Quote Origin: They Said It Couldn’t Be Done, But the Fool Didn’t Know It, So the Fool Went Ahead and Did It

Albert Einstein? Mary O’Hara? Raymond S. Tompkins? B. P. Fullerton? E. V. Allen? Anonymous?

The Wright Flyer together with Orville and Wilbur Wright

Question for Quote Investigator: Persistent incorrect beliefs can be a major barrier to discovery and invention. A humorous adage reflects this viewpoint. Here are two versions:

(1) Everyone knew it was impossible, until a fool who didn’t know came along and did it.

(1) People said it couldn’t be done; but the fool didn’t know it, so he went ahead and did it.

This notion has been attributed to the famous physicist Albert Einstein and the popular novelist Mary O’Hara; however, I have never seen a proper citation, and I am skeptical. Would you please explore this topic?

Reply from Quote Investigator: There is no substantive evidence that Albert Einstein wrote or spoke this statement. It is not listed in the comprehensive reference “The Ultimate Quotable Einstein” from Princeton University Press.1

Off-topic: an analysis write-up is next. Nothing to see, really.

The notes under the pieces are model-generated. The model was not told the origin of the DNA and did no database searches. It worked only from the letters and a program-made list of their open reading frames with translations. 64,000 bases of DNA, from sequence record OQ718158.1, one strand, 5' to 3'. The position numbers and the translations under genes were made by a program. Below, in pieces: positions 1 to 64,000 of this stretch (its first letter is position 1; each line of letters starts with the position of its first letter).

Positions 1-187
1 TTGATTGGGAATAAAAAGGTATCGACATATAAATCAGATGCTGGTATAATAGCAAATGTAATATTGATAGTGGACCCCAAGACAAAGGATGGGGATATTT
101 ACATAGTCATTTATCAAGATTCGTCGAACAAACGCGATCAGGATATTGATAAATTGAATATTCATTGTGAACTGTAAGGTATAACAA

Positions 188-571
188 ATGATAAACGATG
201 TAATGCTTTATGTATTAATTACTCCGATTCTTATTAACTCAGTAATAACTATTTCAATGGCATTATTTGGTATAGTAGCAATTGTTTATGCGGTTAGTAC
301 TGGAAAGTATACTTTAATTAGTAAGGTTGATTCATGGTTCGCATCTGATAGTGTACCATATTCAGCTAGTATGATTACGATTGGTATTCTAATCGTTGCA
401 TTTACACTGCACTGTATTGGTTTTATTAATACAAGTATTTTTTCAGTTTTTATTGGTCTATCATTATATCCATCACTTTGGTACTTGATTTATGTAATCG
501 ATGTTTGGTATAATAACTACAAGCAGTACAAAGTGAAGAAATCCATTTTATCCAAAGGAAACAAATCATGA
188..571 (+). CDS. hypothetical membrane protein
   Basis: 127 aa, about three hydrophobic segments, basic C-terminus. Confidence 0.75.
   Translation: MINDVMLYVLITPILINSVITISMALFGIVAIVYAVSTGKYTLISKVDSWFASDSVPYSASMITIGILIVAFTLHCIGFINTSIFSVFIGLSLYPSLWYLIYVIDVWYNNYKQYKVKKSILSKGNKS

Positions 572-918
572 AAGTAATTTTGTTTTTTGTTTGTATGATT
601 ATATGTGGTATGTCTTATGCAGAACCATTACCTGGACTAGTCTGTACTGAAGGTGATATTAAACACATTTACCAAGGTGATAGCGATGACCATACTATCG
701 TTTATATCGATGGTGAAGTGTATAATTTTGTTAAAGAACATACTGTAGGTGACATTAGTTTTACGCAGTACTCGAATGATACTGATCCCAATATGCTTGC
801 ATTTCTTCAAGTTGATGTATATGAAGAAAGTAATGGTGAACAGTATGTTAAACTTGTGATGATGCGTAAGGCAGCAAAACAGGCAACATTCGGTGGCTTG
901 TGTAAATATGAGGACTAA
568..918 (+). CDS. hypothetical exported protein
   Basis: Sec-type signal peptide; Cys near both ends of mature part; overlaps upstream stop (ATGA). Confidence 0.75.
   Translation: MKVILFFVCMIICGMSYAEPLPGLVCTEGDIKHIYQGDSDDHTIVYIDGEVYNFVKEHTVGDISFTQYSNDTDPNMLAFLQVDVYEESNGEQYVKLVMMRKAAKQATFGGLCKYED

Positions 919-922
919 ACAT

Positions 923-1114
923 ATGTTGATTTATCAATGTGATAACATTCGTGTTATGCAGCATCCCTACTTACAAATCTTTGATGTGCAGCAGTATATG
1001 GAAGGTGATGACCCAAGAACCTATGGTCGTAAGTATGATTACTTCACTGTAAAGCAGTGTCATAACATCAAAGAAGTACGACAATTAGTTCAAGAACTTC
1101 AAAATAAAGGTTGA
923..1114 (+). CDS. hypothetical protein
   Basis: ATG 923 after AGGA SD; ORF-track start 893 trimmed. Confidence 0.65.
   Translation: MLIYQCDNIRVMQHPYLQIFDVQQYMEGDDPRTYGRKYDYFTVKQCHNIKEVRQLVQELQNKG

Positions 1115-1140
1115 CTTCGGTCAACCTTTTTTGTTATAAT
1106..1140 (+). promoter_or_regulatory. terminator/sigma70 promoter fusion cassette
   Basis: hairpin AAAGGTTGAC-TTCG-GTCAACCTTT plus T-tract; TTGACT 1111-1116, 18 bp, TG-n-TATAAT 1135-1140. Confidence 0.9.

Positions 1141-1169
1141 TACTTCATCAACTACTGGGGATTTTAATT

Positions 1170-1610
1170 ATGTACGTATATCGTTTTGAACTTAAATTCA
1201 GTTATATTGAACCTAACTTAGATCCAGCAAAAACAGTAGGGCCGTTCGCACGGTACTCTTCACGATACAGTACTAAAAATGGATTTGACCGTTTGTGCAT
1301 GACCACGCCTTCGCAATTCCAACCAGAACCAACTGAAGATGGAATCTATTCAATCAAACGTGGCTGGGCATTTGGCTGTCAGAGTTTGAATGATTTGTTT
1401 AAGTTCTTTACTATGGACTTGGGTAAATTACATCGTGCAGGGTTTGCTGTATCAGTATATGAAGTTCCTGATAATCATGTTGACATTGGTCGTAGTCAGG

Mary O’Hara did employ the saying in her 1941 novel “My Friend Flicka”, but the saying was already in circulation.

This saying is difficult to trace because it can be expressed in many ways. The earliest match located by QI appeared in February 1919 as a banner on the top of the front page of “The McClain County News” of Blanchard, Oklahoma. Boldface added to excerpts by QI:2

They said it couldn’t be done, but the poor fool didn’t know it, so he went ahead and did it.–Co-op

QI believes that the saying was probably already in circulation, and the original creator remains anonymous.

Below are additional selected citations in chronological order.